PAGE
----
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FLEXO Magazine : Golden Anniversary Commemorative Journal
HEARD FROM THE HALL The first program I personally participated in was one of the Saturday morning workshops many years ago in Milwaukee. It had to be in the late 1960s or early 1970s. HARPER: In 1962, there was no other source for flexo educa- tion. As an inexperienced, young anilox roll salesman, I needed all the help I could get. My boss at Consolidated Engravers sug- gested I attend the FTA seminars and the Annual Forum. I was especially interested in the Saturday workshops. There were 16 each year in different cities scattered around the u.S. and they provided most of my early flexo education and training. Eventually, I became Workshop Chair. The various breakout pro- grams at the Annual Forums also offered much of what I needed to advance my role in the industry. SHAPIRO: As Chief Industrial Engineer for Equitable Bag Co., in 1962, I was approached by Henry Steinitz, Printing Supervisor, and Henry Salmaggi to talk about Quality Control at a workshop in New York City. Quite frankly, I did not know anything about flexo. There was a small book in the library, which I took out and combined with my conversations with Henry Steinitz, and work we were doing in the plant, I gave the talk before a large crowd. The response was wonderful! Flexo was in its adolescent years and there was much to do to bring quality and image up to its printing partners in gravure and litho. I started to get calls from companies, some of them very large, asking me technical questions about flexo, so I made my decision to join FTA and to be active. I enjoyed seeing product come off the press and was hooked immediately. MCGEE: Fresh out of college in 1973, I joined DuPont Company and went through its printing systems sales training program. I was fortunate to have had the opportunity to partici- pate in additional sales and technical training for what would become a new printing plate venture for DuPont-the CYREL product line of flexographic printing plates-that has helped shape the flexo industry over the past 35 years. I had some great people I worked with in those early days at DuPont, they realized the importance of participation in industry trade associations like the FTA and encouraged my participation. My first live, in-person exposure to the Association, was in Montreal, Canada, in the mid 1970s. George Wilfling, of what was then the America Can Company, was inducted into the FTA Hall of Fame at that 1977 Forum meeting. In fact, it was George who took me under his wing to share his knowledge and encourage me to learn and move forward in flexo printing. RIDDELL: My first serious exposure to FTA was in 1979, when I attended my first workshop. This was the first time I had seen the industry believe in itself beyond the "rubber stamp" im- age, so named by the lithography, gra- vure and letterpress print processes. I was quickly asked to chair a Wide-Web Workshop and was exposed to some of the great pioneers who had moved the industry forward. I felt then, and still believe, that those workshops enabled our industry to move past its poor reputation as a stamp printer. Then I was asked to join a committee to develop the first Wide-Web training module. Active involvement in FTA became a way of life for me, just as it had for so many before me. JACKSON: When I entered the business at Union Carbide in the early 1980s, FTA was the only place to go. You had to be there! My initial exposure to the association and its activities came through a series of regional workshops that were targeted for pressmen and press teams. The first one I went to was in Cincinnati, and it was followed quickly thereafter by St. Louis. Concurrent programs were organized into wide-web, narrow-web and corrugated. Time spent-a full Saturday morning-was well worth it. From web-based workshops, FTA moved on to market segment based workshops. And they too, proved enlightening. What programs, projects, events brought you the greatest personal satisfaction and why? NARD: Regional Workshops, like the one I chaired in Chicago on Nov. 13, 1965, stand out in my mind, as FTA's most ambitious and effective programs. They provided high- caliber educational training in an informal setting, followed effective agendas, and were both fast paced and frequent. They were something to experience, starting from the very first FTA workshop, held in Dallas, TX, in 1959. SHIELD S: As Vice Chairman of FFTA's Solicitations Committee in 1983, we developed the concept of an auction to raise money for the young scholarship program. With the help of donations of supplies and equip- ment from FTA supplier members, we were able to raise $68,000 for scholarships to deserving college stu- dents who had an interest in a career FTA 50th Anniversary Journal 29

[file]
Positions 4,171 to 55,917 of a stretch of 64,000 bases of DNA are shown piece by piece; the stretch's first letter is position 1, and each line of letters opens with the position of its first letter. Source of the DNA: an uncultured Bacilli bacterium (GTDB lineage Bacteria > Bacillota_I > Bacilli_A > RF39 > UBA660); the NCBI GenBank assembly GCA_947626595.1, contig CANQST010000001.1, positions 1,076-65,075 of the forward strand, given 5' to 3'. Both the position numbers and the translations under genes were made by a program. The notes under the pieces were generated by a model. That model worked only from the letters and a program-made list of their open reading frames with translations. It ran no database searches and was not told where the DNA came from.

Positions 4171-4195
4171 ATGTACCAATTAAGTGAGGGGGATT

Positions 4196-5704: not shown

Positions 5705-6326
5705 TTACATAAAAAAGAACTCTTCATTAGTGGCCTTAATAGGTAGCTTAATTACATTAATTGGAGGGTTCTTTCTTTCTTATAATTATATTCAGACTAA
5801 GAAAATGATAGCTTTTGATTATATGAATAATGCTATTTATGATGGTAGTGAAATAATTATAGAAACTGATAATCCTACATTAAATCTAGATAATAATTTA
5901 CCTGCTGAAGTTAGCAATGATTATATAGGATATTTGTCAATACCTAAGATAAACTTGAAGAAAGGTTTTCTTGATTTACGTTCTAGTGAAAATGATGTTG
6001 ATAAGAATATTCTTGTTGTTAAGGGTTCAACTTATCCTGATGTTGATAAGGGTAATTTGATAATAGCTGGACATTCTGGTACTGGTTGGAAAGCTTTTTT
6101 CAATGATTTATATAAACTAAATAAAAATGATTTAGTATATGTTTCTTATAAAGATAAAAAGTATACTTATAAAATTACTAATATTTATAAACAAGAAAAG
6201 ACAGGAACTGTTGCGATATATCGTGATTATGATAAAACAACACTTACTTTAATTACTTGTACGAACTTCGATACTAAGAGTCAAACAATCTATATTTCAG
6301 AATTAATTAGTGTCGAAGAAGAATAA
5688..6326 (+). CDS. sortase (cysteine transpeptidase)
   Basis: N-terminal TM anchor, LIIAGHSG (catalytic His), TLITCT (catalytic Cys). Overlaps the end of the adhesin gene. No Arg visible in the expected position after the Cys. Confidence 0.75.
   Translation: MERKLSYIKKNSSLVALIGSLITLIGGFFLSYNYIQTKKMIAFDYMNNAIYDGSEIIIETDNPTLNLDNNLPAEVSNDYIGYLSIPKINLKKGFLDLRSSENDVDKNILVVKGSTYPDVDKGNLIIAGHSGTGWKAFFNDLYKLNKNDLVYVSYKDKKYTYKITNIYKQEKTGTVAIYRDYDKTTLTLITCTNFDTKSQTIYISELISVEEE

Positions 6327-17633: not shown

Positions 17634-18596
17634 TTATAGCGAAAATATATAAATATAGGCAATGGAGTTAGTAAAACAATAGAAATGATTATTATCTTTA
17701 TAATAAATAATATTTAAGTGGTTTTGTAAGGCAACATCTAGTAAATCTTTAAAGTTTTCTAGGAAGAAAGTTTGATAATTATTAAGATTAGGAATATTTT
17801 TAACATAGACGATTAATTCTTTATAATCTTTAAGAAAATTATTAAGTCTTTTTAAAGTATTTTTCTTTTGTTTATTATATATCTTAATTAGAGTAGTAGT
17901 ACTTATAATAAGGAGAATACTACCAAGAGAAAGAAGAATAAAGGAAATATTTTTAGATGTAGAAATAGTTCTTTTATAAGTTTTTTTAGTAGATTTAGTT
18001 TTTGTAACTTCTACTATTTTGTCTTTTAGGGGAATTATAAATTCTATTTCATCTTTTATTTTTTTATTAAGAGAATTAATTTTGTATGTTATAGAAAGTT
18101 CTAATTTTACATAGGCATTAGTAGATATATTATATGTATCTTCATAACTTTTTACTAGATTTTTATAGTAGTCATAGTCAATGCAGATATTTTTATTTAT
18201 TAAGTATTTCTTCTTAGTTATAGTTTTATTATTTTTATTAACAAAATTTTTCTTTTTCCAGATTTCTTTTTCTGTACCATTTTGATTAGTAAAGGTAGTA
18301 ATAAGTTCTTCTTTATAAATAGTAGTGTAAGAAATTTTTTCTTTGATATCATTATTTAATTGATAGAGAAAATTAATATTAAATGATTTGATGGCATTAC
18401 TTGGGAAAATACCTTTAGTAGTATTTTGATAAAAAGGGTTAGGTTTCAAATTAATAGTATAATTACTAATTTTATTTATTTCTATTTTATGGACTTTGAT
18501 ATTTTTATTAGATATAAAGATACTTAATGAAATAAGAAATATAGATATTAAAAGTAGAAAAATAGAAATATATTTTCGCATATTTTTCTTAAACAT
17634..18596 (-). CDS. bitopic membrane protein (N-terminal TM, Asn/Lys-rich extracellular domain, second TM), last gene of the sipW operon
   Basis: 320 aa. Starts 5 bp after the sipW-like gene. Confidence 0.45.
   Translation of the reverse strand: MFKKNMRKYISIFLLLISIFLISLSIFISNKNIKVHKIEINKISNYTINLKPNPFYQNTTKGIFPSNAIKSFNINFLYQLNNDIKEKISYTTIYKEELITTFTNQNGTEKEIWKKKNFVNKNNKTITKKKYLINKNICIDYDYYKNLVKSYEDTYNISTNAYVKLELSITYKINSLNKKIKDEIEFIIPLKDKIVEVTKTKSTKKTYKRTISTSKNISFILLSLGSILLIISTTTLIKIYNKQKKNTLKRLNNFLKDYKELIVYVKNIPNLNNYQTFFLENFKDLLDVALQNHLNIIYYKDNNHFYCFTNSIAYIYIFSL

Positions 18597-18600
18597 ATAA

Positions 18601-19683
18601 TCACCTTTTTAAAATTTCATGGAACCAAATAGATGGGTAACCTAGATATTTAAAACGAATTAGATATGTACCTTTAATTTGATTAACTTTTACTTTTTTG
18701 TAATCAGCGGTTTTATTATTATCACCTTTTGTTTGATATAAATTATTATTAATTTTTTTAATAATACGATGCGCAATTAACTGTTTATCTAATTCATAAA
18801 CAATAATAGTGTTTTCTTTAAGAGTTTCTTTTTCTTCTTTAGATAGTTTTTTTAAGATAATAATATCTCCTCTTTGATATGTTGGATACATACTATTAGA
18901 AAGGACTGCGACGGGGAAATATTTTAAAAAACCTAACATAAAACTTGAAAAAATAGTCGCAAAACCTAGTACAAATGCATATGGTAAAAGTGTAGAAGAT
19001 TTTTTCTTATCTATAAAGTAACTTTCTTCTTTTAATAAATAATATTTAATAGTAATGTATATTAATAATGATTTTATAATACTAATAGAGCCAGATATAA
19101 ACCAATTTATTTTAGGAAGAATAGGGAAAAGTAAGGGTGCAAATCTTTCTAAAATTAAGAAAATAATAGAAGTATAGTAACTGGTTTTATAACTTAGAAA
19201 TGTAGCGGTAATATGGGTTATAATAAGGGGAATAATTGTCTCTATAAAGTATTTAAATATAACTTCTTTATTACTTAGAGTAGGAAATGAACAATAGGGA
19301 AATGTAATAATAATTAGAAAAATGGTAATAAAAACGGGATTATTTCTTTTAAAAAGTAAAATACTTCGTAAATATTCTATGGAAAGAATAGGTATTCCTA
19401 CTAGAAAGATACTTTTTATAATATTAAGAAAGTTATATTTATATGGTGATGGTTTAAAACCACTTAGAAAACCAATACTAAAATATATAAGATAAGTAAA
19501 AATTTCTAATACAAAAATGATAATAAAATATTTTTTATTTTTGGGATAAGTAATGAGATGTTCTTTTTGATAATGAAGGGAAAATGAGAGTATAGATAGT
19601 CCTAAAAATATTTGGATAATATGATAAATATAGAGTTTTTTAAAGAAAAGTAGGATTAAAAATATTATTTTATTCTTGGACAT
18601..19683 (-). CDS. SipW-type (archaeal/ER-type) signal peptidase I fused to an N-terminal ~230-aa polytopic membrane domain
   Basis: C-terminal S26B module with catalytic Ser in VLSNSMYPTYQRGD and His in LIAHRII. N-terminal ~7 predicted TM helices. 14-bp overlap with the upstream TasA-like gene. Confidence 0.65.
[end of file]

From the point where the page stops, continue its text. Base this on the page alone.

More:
Flexo Sustainable Spring 2008